Reply to  Chris Hanley
January 20, 2016 10:35 pm

“Incidentally when I try to follow the link to “The keys to understanding climate change” I get a message to the effect that the site is not to be trusted.”
I checked the major services and found we have a problem with Webroot. Thanks for flagging this (although it would have been nice if you had said what service you used).
So that takes care of points #2 and #3 that you raised. I’m interested to hear what you say about #1.

January 19, 2016 10:55 pm

It is simply impossible for the observed increase in downward LWIR flux from a 120 ppm increase in atmospheric CO2 concentration to heat the oceans. This presumed LWIR induced ocean warming is one of the major errors in the global warming scam. The increase in flux from CO2 is nominally 2 W.m^-2 or 0.18 MJ.m^-2 per day. The oceans are heated by the sun – up to 25 MJ m^-2 per day for full tropical or summer sun. About half of this solar heat is absorbed in the first 1 m layer of the ocean and 90% is absorbed in the first 10 m layer. The heat is removed by a combination of wind driven evaporation from the surface and LWIR emission from the first 100 micron layer. That’s about the width of a human hair. In round numbers, about 50 W.m^-2 is removed from the ocean surface by the LWIR flux and the balance comes from the wind driven evaporation. The heat capacity of the cooled layer at the surface is quite small – 4.2 kJ.m^-2 for a 1 mm layer. This reacts quite rapidly to any changes in the cooling flux and the heat transfer from the bulk ocean below and the evaporation rate change accordingly. The cooler water produce at the surface then sinks and cools the bulk ocean layer below. This is not just a diffusion process, but convection in which the cooler water sinks and warmer rises in a complex circulating flow pattern (Rayleigh-Benard convection). This couples the surface momentum (wind shear) to lower depths and drives the ocean currents. At higher latitudes the surface area of a sphere decreases and this drives the currents to lower depths.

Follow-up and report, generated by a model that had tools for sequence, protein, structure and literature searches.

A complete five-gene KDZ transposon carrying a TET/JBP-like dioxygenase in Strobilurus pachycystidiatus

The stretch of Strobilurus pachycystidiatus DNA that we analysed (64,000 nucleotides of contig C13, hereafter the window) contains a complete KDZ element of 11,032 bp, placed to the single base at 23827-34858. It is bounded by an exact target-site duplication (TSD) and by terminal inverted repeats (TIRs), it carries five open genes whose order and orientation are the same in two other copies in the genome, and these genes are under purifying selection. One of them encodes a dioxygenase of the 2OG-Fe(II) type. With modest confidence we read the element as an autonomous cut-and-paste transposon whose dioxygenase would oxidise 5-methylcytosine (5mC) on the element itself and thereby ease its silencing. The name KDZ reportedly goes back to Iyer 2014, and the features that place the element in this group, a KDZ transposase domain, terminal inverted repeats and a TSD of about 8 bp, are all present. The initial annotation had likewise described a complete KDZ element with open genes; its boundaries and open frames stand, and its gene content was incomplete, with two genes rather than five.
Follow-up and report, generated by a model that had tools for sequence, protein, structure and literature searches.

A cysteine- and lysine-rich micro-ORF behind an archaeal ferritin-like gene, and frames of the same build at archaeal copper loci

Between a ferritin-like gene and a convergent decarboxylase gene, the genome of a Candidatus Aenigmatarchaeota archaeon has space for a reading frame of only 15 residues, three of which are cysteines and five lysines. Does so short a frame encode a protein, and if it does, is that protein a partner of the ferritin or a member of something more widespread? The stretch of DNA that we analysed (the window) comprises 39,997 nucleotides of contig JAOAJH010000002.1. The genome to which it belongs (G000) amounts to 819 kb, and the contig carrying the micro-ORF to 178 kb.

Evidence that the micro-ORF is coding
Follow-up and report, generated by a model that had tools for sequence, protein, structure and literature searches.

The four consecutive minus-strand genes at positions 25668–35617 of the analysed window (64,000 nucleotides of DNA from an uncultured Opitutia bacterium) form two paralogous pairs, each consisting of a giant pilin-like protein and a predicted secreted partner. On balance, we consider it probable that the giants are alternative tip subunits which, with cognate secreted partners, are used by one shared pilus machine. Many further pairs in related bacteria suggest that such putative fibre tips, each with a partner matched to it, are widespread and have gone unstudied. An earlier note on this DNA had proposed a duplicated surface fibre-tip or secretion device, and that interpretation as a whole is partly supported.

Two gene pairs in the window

In round numbers, the temperature increase produced by a 2 W.m^-2 increase in LWIR flux from CO2 is overwhelmed by a 50 ± 50 W.m^-2 flux of cold water and a 0 to 1000 W.m^-2 solar heating flux.
Over the tropical warm pool the wind driven cooling rate is about 40 W.m^-2.m.s^-1 (40 Watts per square meter for each 1 m/sec change in wind speed). This means that a change in wind speed of 20 cm.s^-1 is equivalent to the global warming heat flux. (20 centimeters per second).